By Kerry Eleveld
Originally published on Advocate.com November 18 2010 5:25 PM ET
Sen. Joe Lieberman said Thursday that repealing “don’t ask, don’t tell” as part of the National Defense Authorization Act is no longer a question of votes, it’s a question of process.
“I am confident that we have more than 60 votes prepared to take up the defense authorization with the repeal of ‘don’t ask, don’t tell’ if only there will be a guarantee of a fair and open amendment process, in other words, whether we’ll take enough time to do it,” Lieberman told reporters at a press conference, naming GOP senators Susan Collins and Richard Lugar as yes votes. “Time is an inexcusable reason not to get this done.”
Lieberman, an independent, was flanked by 12 of his Democratic colleagues — a core group that seemed intent on urging the Democratic leadership to allow enough room in the Senate schedule for a debate that would be acceptable to Republicans. The senators talked about working over the weekends, and Sen. Mark Udall offered to go straight through until Christmas Eve.
Lieberman noted that two items could be negotiated by Senate majority leader Harry Reid and minority leader Mitch McConnell — the number of amendments to be considered and the amount of time for debate on those amendments.
Full and open debate on the bill could take as long as two weeks, but an agreement between Reid and McConnell could shave that down to just one week. Regardless, given that other bills will eat up some of the remaining days, providing some sort of open amendment process will likely require that senators stay past the targeted adjournment date of December 10 until at least December 17.
Lieberman also noted that the NDAA is “several hundred pages long” and chock-full of “critically necessary” items for the military.
“How are you going to explain to a soldier or a family that we didn’t authorize the benefits they deserve because we wanted to go home?” he said.
Asked how many amendments would be “fair,” Lieberman responded, “It’s hard to put a number on it now, and that’s what I hope will be negotiated and we’re going to do our best to encourage Senator Reid to reach out to allow a somewhat larger number [of amendments].”
Lieberman was joined at the press conference by senators Barbara Boxer, Roland Burris, Ben Cardin, Chris Coons, Diane Feinstein, Al Franken, Kirsten Gillibrand, Amy Klobuchar, Patrick Leahy, Jeanne Shaheen, Mark Udall, and Ron Wyden.
Aubrey Sarvis, executive director of the Servicemembers Legal Defense Network, said the most interesting development over the past several days is “the determination of a core group of senators to get repeal done this year.”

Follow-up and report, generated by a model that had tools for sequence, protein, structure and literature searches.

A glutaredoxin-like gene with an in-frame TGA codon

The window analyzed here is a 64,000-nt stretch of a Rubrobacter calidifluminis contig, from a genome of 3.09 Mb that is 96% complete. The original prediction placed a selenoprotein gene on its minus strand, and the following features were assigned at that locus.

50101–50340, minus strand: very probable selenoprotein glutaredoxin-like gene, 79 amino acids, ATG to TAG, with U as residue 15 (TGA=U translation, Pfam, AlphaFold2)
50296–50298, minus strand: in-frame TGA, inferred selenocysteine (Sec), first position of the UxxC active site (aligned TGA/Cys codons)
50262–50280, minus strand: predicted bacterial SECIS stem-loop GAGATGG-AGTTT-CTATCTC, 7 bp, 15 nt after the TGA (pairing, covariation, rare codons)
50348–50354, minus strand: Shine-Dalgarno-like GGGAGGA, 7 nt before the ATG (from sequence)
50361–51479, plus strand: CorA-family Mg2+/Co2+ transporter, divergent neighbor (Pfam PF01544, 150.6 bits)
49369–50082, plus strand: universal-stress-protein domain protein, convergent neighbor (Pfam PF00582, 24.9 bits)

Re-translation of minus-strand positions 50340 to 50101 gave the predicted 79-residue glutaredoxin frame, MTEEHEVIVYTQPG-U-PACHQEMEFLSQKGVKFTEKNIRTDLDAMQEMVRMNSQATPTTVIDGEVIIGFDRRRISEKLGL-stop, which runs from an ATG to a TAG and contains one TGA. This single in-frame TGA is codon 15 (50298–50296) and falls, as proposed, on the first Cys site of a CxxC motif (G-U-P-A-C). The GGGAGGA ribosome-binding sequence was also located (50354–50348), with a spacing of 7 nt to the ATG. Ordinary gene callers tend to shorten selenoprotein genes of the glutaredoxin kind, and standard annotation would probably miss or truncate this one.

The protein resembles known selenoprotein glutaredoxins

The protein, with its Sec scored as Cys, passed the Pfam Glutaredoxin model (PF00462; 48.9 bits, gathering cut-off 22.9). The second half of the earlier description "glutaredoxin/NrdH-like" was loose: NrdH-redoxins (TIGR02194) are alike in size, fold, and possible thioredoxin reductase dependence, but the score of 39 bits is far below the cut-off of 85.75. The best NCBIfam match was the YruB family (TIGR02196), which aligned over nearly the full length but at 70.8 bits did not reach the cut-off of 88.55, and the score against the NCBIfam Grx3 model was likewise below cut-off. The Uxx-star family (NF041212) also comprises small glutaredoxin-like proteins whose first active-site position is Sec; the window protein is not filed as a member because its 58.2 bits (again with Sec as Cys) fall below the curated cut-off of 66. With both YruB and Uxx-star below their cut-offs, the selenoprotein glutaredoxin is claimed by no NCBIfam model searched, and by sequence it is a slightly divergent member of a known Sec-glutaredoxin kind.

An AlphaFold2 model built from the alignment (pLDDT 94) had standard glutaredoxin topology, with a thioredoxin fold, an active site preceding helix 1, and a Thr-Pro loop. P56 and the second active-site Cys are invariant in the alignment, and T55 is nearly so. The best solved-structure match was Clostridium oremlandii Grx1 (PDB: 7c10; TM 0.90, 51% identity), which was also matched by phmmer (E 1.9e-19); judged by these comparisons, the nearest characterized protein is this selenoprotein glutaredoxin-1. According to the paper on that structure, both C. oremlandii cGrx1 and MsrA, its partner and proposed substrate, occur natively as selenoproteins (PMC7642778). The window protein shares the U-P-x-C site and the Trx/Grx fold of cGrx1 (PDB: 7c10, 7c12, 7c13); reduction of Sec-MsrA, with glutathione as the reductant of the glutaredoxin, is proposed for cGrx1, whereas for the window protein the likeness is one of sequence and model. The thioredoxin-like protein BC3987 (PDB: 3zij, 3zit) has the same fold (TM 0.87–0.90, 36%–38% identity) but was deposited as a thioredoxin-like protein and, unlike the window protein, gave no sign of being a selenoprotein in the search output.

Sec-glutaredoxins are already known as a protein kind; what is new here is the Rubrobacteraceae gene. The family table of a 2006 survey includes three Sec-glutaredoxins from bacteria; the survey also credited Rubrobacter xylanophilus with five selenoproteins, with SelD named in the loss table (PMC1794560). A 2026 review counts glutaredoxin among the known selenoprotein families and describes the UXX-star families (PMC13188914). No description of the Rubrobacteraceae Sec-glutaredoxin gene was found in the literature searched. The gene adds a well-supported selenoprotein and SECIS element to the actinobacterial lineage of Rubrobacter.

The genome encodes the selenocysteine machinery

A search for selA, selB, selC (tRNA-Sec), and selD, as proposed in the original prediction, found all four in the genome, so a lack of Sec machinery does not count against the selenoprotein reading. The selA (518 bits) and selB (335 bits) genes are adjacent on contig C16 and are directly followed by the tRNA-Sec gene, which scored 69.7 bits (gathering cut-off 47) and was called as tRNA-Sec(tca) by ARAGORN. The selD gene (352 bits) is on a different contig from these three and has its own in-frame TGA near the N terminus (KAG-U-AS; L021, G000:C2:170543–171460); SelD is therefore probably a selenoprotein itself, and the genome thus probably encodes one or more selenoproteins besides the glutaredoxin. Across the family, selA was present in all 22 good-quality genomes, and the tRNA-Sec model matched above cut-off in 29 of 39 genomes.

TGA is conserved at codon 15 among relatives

“With Chairman [Carl] Levin and Senator Lieberman’s commitment and with the determination of the president and Majority Leader Reid to work with key Republican senators, we’re alive and we can get this done this year,” Sarvis said.
Earlier in the day, Gen. Carter Ham, cochair of the Pentagon’s working group study, told the Senate Armed Services Committee that upcoming report on repeal is the most thorough he has ever seen on a personnel issue.
“As far as I can tell, this is the most comprehensive assessment of a personnel policy matter that the Department of Defense has conducted,” Ham said.
Sen. John McCain, who vehemently opposes repeal, tried to undercut its credibility by noting that only about 25% of about 400,000 troops had responded to the survey on repeal that forms a portion of the study.
But Ham corrected McCain, saying the total was closer to 28%, a little over 115,000 respondents, and called the survey “statistically sound and analytically rigorous.”
Sen. Jim Webb, a Democrat who has taken a cautious approach to repealing the policy, seconded Ham’s assertion.
“Having spent five years in the Pentagon, I can't remember a study on this type of issue that has been done with this sort of care,” he said. “So it's going to be a very important study for us to look at and examine.”
Preliminary reports about the study suggest that it concludes repeal poses “minimal risk” even during a time of war.
Ham said he doubted the study would be released before December 1 because the working group was waiting on the military’s service chiefs to review it and provide their assessments, but Levin urged Ham to make “every effort” to deliver the study early.
Levin said Wednesday that he would be scheduling hearings on the study “during the first few days of December” before Reid scheduled a vote on the motion to debate the larger defense bill.